Right way to remove under cabinet kitchen lights

Old 01-22-14, 08:03 PM
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Right way to remove under cabinet kitchen lights

Hi--I had very ugly fluorescent under cabinet lights in my kitchen. There were a total of 4 lights spaced a few feet apart along the wall, and there was one toggle switch that controlled all of them together. There is also a toggle switch on the same box for the insinkerator. Anyway, I hired an electrician who came out to remove the lighting. He was very young and working alone so I am not sure what he did was right.

He removed the lights and metal casings and there were a bunch of wires coming out from a hole in the wall behind where the lights used to be. He said, "What do you want me to do with the wires?" I said, "I have no ideado what's safe to doI'm not an electrician." He then asked if I was planning to put new lights up and I said, "Yes at some point, I am. That could be a year or two from now."

He suggested pushing the wires back in the wall. I saw him wrap some tape at the end of each set of wires and pushed them into the hole in the wall. He said he also disconnected the wires from the switch, so the switch would no longer work. I asked if this was safe and he said yes because the switch wasn't hooked up (or something of that sort).

I'm a little concerned. I was planning to drywall over the holes. In general, if an electrician tells you its safe--it's safe, right?
Old 01-22-14, 08:23 PM
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In general, if an electrician tells you its safe--it's safe, right?
Young or not, electricians have gone to school or are apprenticed and are surely licenced... so generally, yes. Of course this is not to say that some electricians don't bend the rules sometimes, but a good one will not.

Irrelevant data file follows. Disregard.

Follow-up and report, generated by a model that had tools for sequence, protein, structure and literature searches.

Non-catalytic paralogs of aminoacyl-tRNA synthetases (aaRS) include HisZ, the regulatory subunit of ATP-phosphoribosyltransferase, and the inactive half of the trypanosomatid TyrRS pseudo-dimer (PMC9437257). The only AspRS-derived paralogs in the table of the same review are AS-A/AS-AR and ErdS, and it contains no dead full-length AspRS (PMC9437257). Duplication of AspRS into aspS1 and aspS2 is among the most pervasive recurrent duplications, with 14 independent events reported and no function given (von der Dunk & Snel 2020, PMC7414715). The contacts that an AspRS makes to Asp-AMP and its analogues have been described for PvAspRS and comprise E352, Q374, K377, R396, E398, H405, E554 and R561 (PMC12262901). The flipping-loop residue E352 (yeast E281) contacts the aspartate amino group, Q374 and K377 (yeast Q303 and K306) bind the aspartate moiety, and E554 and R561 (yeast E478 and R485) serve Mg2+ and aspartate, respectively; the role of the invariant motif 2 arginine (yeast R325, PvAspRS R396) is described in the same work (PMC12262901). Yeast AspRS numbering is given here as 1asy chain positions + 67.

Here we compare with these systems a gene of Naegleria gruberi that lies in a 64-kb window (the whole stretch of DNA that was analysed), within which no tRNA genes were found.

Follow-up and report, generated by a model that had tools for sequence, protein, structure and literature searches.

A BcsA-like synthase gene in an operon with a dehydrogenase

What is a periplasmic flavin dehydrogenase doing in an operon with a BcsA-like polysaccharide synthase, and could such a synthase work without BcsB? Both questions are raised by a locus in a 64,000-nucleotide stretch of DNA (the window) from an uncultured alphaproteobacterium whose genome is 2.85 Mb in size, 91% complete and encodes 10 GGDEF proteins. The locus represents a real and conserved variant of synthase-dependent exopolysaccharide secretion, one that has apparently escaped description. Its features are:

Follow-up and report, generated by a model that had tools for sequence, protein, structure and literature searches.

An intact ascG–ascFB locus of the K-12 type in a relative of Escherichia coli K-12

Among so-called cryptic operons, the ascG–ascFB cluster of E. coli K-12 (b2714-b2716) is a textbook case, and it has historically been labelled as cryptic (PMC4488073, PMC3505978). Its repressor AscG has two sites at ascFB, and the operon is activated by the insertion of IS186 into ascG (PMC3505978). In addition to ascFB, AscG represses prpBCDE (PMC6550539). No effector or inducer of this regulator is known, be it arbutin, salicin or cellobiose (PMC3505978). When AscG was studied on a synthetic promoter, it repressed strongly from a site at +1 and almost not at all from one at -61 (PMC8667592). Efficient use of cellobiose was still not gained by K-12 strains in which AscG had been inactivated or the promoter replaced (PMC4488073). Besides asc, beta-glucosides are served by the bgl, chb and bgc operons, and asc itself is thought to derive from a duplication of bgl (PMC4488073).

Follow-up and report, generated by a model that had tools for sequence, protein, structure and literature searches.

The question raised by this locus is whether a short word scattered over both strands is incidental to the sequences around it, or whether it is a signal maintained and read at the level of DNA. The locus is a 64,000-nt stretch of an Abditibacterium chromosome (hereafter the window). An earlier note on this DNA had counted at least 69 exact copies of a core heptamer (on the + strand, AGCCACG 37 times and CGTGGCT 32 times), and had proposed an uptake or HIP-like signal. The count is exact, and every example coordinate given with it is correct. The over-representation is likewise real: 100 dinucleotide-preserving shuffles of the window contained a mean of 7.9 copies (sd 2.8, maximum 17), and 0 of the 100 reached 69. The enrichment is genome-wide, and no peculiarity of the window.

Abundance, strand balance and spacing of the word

If he says it's safe and it's disconnected, I would believe him.

The fact that the wire is still in the wall is not a problem.

I'm not sure what you would have rather had him do? Are you saying you want him to rip off all your drywall to actually remove all the old wires? I don't think you would want that. Its unnecessary.

The box that your switches are in is merely a junction box of sorts. Live wires must always end in an accessible receptacle. Wires that are abandoned and disconnected do not. If the wire has been disconnected, then no power is running through those wires... they are simply abandoned. Sometimes it is not practical to remove abandoned wires. Since you have thoughts of putting new lights up, the wire might possibly be reused someday. Which is a good reason to leave it in place.
Old 01-23-14, 02:06 AM
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Placing the cables in junction boxes with exposed covers would have been the correct way of doing it based on your answer to the question about future use. He should not have stuffed them in the wall where there is a remote chance someone can physically connect them to the switch. Cutting the cable in the switchbox too short to use or reconnect would make the stuffing OK.
Old 01-23-14, 03:35 AM
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Cutting the cable in the switchbox too short to use or reconnect would make the stuffing OK.
Thereby rendering the wire useless for future use as requested by the customer. The exact same thing happened to my daughter's remodel in her house. The electricians assumed she wanted under counter lights. When she protested they just stuffed the wires back in the wall and disconnected the switch, but did not cut the wires.
Old 01-23-14, 04:39 PM
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I agree that this was not the best way to handle the cables knowing that there were plans for lights in the future.

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